In theory, the East Bay has nearly perfect terrain for bicycling. Streets slope gently east for miles from the Bay, and once over the hills, pedaling conditions are almost idyllic — that is, if you feel safe enough to ride.
The East Bay, like much of the country, was built for cars rather than for walking or bicycling. Navigating fast-moving streets like Shattuck Avenue, Telegraph Avenue, and International Boulevard can be dangerous. And for pedestrians, uneven sidewalks (if they exist) and poorly-marked crosswalks convey a message: no walkers here.
Fortunately, streets in Alameda County could become friendlier for walking and bicycling with its new Bicycle and Pedestrian Plans, set to be approved early next month. The Alameda County Transportation Commission released the final drafts of the plans on Monday, laying out a new vision to make urban centers and transit hubs easier to reach on foot and bike, and to provide off-road trails to help intercity commuters cover longer distances.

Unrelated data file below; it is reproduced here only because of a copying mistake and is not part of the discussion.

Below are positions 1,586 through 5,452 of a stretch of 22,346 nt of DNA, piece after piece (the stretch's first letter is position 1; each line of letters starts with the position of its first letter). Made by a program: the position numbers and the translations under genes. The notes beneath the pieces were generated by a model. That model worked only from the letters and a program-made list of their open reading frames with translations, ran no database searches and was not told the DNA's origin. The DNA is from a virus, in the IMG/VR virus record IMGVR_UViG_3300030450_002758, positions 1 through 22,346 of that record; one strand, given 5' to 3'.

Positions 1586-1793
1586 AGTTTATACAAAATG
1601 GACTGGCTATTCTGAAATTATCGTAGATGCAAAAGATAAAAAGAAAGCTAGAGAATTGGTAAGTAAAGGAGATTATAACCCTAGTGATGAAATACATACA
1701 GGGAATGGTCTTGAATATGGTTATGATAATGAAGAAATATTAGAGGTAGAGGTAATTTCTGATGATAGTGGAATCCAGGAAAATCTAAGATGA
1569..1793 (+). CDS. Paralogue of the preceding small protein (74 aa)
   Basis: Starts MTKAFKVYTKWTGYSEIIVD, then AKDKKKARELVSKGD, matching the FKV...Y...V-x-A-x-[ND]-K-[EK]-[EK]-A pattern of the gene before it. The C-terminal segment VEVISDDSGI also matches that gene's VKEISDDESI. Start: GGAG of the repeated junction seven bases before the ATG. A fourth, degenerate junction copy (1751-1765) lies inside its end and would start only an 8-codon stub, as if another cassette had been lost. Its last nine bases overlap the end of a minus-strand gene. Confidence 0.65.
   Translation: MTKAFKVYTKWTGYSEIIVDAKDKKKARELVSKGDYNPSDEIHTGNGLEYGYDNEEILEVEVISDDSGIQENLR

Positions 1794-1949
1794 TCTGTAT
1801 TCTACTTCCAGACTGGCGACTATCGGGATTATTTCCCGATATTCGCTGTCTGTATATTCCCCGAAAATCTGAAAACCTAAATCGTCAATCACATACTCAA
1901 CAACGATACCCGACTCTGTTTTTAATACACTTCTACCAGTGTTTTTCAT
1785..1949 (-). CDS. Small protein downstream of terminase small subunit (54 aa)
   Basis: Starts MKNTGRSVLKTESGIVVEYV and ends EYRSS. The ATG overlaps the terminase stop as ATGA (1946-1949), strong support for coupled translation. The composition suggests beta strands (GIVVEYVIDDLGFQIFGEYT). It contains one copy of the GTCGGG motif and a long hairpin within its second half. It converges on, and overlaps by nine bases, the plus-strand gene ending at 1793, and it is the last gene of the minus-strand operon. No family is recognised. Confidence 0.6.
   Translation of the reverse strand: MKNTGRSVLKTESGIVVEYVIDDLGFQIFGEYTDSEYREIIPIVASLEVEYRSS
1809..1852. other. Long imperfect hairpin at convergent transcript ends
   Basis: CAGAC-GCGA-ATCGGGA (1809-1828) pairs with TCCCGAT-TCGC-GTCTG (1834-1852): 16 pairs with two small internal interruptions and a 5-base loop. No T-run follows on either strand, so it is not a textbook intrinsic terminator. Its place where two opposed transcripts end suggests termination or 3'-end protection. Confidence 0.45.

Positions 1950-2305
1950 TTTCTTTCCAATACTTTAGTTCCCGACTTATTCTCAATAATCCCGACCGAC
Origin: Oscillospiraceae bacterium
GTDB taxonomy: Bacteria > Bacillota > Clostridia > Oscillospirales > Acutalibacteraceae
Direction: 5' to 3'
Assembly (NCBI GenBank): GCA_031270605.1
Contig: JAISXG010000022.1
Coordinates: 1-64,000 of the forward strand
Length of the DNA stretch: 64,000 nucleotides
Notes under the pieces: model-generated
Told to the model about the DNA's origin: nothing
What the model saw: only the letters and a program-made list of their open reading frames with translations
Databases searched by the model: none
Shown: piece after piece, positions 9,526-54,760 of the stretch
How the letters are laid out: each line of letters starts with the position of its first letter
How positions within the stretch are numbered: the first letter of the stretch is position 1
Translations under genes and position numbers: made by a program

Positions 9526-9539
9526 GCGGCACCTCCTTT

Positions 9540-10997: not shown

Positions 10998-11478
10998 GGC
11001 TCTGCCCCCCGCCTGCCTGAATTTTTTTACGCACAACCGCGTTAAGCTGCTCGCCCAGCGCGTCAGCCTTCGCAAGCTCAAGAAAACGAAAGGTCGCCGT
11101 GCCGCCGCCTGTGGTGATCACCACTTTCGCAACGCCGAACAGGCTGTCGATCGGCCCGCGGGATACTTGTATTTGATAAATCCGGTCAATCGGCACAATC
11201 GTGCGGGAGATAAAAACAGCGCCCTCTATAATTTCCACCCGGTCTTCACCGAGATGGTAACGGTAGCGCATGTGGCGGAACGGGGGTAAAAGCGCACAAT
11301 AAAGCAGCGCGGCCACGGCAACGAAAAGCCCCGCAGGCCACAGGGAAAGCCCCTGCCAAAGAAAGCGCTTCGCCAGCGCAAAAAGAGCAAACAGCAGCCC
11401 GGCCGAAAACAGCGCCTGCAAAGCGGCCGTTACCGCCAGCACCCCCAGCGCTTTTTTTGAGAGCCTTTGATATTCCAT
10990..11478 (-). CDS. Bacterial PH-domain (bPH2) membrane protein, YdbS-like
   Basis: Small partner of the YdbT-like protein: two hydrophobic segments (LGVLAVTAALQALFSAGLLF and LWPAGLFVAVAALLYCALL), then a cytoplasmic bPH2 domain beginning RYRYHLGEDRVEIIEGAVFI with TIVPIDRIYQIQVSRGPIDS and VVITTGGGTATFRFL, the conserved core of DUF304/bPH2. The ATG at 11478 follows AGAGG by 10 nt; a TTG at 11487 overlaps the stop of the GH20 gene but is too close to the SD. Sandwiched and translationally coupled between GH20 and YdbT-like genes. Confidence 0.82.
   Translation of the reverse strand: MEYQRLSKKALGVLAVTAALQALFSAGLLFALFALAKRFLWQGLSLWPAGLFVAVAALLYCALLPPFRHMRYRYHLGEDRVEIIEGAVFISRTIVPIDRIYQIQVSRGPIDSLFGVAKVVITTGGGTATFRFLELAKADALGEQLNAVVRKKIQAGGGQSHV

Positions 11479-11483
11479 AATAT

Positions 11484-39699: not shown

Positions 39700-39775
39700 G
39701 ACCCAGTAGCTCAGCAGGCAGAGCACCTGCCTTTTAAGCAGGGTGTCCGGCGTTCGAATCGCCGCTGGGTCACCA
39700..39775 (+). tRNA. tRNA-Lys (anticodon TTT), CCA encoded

While some cities like Oakland and Berkeley have for years been making improvements like bicycle boulevards, bike lanes, signage, multi-use trails, and sidewalk repairs, the approach taken in the bike and pedestrian plan updates could make cities in Alameda County even friendlier for car-free travel, if local agencies follow through with it.
The plans call for a dense network of bike lanes, bike boulevards, sharrows, and signs, along with inviting sidewalks and crosswalks in much of the East Bay. The goal is to improve 762 miles of bike routes and 2,779 miles of pedestrian walkways by 2040.